The “Member Spotlight” series highlights the individuals that make our organization great. Each post tells the story of an outstanding Mass Energy or PP&L member. By sharing their stories we hope to spread the word about their unique efforts and inspire others to follow in their footsteps.
While waiting in her car in Brookline to pick up one of her kids, Michele Putko noticed a lawn sign that read "I Switched to 100% Green Energy, and So Can You. Visit www.massenergy.org." Having previously ruled out solar panels for her home, Putko enrolled in Mass Energy’s New England GreenStart option with the information she gathered from the sign. In a world of unwanted and misleading solicitation regarding “green energy” and ambiguous energy rates, Putko found Mass Energy extremely transparent and reliable.
Putko is a professor at UMass Lowell where she teaches thermodynamics to mechanical engineering majors. She feels a key component in this course is to develop energy literacy in her students. Energy literacy entails assessing the credibility of information about energy, communicating about energy and energy use in meaningful ways, and making informed energy use decisions based on an understanding of impacts and consequences. Each semester her students are required to complete an energy literacy project where they demonstrate that they have attained these outcomes. After several years of continued membership with New England GreenStart, Putko concluded that partnering with Mass Energy would set the foundation for an ideal energy literacy project; and it could also support the growth of renewable energy in the community. Last year her class formally partnered with Mass Energy on a project.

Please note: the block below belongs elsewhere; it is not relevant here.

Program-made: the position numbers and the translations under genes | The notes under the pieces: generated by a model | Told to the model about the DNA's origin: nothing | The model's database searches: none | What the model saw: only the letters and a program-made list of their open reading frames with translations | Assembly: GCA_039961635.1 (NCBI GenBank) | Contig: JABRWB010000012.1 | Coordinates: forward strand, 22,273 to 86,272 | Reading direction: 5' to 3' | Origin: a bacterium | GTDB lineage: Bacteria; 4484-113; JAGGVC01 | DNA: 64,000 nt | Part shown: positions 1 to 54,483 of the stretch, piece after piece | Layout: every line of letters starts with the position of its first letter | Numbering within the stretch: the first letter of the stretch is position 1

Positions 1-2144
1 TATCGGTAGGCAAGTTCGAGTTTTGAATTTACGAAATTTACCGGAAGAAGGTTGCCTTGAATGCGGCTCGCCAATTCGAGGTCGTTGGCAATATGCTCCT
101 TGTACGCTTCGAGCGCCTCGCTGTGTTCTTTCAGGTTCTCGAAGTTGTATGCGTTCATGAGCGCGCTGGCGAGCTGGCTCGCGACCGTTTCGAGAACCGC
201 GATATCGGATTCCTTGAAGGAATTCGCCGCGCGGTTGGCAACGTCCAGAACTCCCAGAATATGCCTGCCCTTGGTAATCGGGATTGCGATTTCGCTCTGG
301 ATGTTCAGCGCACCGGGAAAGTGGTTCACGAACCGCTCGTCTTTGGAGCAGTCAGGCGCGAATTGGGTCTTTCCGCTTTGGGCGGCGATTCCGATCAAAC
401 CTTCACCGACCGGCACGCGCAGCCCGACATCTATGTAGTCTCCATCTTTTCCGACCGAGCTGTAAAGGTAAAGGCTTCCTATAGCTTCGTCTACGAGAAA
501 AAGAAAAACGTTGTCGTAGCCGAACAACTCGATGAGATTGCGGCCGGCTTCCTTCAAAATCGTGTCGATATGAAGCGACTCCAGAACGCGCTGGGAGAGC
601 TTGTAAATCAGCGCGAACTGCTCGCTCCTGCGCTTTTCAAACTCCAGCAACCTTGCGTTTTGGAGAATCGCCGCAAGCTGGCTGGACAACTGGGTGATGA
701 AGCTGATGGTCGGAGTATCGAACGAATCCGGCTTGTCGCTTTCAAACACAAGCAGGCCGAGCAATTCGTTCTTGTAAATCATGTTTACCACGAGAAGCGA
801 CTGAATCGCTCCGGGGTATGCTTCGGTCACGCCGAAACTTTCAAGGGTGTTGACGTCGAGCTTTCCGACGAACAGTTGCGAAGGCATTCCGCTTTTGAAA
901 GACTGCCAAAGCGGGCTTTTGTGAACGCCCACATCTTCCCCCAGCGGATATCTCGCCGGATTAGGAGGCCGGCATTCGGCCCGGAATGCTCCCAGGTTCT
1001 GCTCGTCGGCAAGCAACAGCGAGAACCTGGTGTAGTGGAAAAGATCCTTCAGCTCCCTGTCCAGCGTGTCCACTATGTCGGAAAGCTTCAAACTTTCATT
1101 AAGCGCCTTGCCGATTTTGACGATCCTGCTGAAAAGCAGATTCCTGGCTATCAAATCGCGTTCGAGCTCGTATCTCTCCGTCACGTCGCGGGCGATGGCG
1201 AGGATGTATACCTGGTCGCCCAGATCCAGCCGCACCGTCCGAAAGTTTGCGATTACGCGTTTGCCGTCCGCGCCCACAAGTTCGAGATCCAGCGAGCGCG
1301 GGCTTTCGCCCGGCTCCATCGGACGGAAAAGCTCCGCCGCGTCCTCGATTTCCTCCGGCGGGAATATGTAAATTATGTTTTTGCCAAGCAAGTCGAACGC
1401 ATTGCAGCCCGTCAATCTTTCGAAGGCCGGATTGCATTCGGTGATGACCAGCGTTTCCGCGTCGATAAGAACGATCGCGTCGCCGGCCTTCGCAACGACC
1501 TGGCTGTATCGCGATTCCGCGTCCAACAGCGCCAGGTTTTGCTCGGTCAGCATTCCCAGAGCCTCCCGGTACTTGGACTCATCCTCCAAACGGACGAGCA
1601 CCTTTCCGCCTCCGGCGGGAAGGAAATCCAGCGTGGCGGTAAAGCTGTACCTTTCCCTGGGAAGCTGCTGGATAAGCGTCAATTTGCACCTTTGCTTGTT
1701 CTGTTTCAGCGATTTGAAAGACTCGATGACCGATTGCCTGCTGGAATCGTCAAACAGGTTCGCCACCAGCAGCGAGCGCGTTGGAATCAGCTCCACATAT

In this project her students learn to explain Mass Energy’s Green Power options to the public, as well as how contributions to the New England Wind Fund directly support local renewable wind power. The students have had remarkable success since Putko founded this initiative, raising thousands of dollars in support of the New England Wind Fund and preventing thousands of pounds of carbon emissions.
Putko is incredibly dedicated to her students and gives them all the credit, “The students went above and beyond. They didn’t just learn, they made a real impact.” As she puts it, “I inspire the students, then they go on to tell their families and friends, then they go on to tell others, and so on.” As a result, Putko’s students have successfully raised over $4,000 for the New England Wind Fund.
Originally from the Berkshires, Putko attended the United States Military Academy at West Point soon after it opened for women. During her 28-year Army career as a logistics officer she earned two masters and a doctorate degree. She found value in teaching through her experience instructing cadets in engineering classes at WestPoint. Retiring from the Army as a colonel, Putko moved back to her roots in Massachusetts. While teaching at UMass Lowell, she came to realize how deeply engineering, economic, environmental and social factors concerning energy are intertwined, and how significantly these factors contribute to climate change.
She has created a thermodynamics curriculum that connects the nitty-gritty engineering calculations of heat and energy transfers with how local energy production and consumption affect global climate change. Perhaps most importantly, her teaching has inspired her students to go out and actively communicate about the options in local, renewable energy. Not surprisingly, her students and most ratepayers are totally unaware of this option before learning about Mass Energy. Putko’s students describe the project as both useful and eye-opening. She looks forward to continuing the project in the coming year.